You may not think of yourself as having an estate, which seems to be a grand term to many people. But your property, personal belongings and financial assets can add up to a sizable bequest for your loved ones and the charitable organizations you choose to support in your will. Whatever the size of your gift to the Stoughton Hospital Foundation, we will ensure that it is put to the best possible use.
Your gift can be stated very simply:
I give, devise and bequeath (sum of ____ or ___% residue of my estate) to the Stoughton Hospital Foundation, Inc., a not-for-profit organization with offices in Stoughton, Wisconsin, to be used for its general charitable purposes.
This statement creates a highly valued unrestricted gift in support of Stoughton Hospital. An unrestricted gift can be used in the future where and when it is most needed. If, however, you wish to designate your gift to a specific use, simply contact us to discuss your wishes.
Another idea is life insurance gifting. You can gift a matured policy and receive a tax deduction for the value of the policy or the net premiums paid on the policy, whichever is less. You can also take out a new policy or gift an existing policy on which payments are still being made. Your premium payments may be deducted as gifts each year.
The generous gifts of people like you are permanently recognized on our Circle of Friends donor wall in the hospital lobby. Members of this special circle are also invited to attend special events at and on behalf of Stoughton Hospital.
Gifts to Consider
- Gifts of Cash
Making an outright gift of gratitude is as simple as writing a check or authorizing a charge on your credit card. It’s easy and convenient.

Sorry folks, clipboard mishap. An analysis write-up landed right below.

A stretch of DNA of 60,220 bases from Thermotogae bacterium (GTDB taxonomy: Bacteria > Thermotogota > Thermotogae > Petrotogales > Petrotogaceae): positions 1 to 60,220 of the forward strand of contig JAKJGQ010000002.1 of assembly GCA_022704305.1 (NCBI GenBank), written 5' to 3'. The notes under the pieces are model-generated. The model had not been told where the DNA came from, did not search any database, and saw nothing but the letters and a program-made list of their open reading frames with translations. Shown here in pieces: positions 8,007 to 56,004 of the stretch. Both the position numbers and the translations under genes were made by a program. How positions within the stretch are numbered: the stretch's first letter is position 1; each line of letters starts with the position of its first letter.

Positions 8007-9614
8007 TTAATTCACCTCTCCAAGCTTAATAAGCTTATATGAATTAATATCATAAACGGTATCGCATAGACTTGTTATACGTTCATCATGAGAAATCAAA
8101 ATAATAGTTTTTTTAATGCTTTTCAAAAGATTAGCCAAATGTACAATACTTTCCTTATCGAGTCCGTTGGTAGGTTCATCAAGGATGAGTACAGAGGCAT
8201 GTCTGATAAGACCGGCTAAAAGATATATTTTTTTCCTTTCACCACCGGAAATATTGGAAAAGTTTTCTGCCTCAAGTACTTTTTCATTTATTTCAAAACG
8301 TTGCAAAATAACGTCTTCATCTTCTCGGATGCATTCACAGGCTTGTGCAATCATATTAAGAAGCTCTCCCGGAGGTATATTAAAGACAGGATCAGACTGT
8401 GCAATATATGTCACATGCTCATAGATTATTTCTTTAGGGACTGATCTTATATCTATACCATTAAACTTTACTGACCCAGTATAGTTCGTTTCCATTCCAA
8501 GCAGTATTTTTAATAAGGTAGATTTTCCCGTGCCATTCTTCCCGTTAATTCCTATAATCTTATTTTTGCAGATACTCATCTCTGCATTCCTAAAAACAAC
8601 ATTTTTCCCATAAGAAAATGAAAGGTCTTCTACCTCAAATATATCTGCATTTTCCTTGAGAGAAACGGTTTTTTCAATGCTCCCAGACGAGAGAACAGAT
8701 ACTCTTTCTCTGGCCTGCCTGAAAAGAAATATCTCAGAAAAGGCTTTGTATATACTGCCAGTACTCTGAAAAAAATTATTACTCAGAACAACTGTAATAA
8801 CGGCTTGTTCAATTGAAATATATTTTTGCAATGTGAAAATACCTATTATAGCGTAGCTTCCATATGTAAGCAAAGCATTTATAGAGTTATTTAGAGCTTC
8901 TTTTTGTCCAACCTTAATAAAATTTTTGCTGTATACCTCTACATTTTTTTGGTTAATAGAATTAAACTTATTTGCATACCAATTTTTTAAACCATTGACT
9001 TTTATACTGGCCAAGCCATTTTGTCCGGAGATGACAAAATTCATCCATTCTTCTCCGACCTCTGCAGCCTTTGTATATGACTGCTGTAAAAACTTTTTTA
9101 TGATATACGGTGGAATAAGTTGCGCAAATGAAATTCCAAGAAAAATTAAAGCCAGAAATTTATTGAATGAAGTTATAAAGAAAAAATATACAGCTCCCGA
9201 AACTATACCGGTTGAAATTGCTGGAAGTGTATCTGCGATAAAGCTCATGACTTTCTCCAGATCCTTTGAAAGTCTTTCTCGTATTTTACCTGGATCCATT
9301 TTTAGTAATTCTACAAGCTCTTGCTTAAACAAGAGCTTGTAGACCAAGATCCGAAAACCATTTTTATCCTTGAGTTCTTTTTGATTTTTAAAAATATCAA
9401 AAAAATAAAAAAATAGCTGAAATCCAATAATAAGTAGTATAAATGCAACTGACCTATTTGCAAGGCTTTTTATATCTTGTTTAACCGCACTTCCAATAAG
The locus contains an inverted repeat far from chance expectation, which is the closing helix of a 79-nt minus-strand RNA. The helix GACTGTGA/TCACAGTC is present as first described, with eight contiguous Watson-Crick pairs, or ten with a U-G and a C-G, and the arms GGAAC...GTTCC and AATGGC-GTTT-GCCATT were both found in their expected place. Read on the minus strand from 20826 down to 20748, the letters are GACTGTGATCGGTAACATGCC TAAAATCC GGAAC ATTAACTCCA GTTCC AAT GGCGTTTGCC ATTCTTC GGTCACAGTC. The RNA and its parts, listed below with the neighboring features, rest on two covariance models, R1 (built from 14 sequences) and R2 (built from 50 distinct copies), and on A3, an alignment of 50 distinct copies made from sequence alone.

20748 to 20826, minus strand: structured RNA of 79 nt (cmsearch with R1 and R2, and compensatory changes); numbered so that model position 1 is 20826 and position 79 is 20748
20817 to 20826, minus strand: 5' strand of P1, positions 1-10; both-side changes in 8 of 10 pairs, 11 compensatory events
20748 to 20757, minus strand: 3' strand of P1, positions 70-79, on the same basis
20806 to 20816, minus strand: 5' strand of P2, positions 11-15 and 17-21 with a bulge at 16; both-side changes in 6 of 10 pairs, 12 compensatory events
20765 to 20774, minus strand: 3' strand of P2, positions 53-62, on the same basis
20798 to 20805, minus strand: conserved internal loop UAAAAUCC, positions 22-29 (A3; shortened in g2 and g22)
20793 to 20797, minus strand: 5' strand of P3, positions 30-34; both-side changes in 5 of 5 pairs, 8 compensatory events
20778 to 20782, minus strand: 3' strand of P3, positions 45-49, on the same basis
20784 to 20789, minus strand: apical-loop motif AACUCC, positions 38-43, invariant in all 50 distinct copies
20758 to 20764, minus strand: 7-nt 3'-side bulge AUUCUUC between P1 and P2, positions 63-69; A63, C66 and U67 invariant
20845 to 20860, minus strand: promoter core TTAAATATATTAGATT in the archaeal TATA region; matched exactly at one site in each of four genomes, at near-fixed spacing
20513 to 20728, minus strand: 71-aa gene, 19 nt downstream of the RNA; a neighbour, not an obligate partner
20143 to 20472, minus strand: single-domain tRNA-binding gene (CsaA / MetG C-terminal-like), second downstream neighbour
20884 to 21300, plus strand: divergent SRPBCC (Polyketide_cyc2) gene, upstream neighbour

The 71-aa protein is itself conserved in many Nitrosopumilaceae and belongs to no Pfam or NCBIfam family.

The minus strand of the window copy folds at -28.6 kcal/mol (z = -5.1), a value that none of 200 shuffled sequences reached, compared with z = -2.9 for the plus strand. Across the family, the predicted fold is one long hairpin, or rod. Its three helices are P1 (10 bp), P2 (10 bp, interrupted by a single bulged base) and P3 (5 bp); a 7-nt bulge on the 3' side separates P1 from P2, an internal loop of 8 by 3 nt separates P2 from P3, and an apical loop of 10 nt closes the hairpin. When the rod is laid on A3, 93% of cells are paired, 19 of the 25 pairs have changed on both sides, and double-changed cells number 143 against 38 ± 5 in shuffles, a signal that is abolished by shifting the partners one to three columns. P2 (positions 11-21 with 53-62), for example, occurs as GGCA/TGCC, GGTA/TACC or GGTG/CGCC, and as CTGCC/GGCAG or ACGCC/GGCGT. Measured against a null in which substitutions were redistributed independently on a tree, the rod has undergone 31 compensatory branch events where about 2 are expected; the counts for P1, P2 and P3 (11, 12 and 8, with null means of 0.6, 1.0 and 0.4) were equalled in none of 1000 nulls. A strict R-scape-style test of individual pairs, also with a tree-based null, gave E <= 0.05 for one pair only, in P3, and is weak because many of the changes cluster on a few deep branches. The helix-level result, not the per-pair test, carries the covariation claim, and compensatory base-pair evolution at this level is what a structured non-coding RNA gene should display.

- Gifts of Securities
Stock that has increased in value is one of the most popular assets used for charitable giving, once it has been held for a minimum of a year. Making a gift of stock to us offers you the chance to help our organization while realizing many important benefits for yourself.
- Gifts of Retirement Plan Assets
If you’re like many others, your financial future will likely depend on your retirement plan assets. To maximize the value of a retirement account, consider making a lifetime gift of its after-tax values to a tax-exempt deferred giving plan.
- Gifts of Savings Bonds
Savings bonds—likely the nation’s most widely held appreciated asset—represent major assets that may have stopped growing and are now collecting dust, just waiting to be put to use. A tax-wise use for your appreciated savings bonds is to support a cause you care about.
- Gifts of Real Estate
Using real estate, such as your house, farm or commercial property to fund a gift allows you to preserve your cash assets, receive significant tax and income advantages, and make a larger charitable gift than anticipated.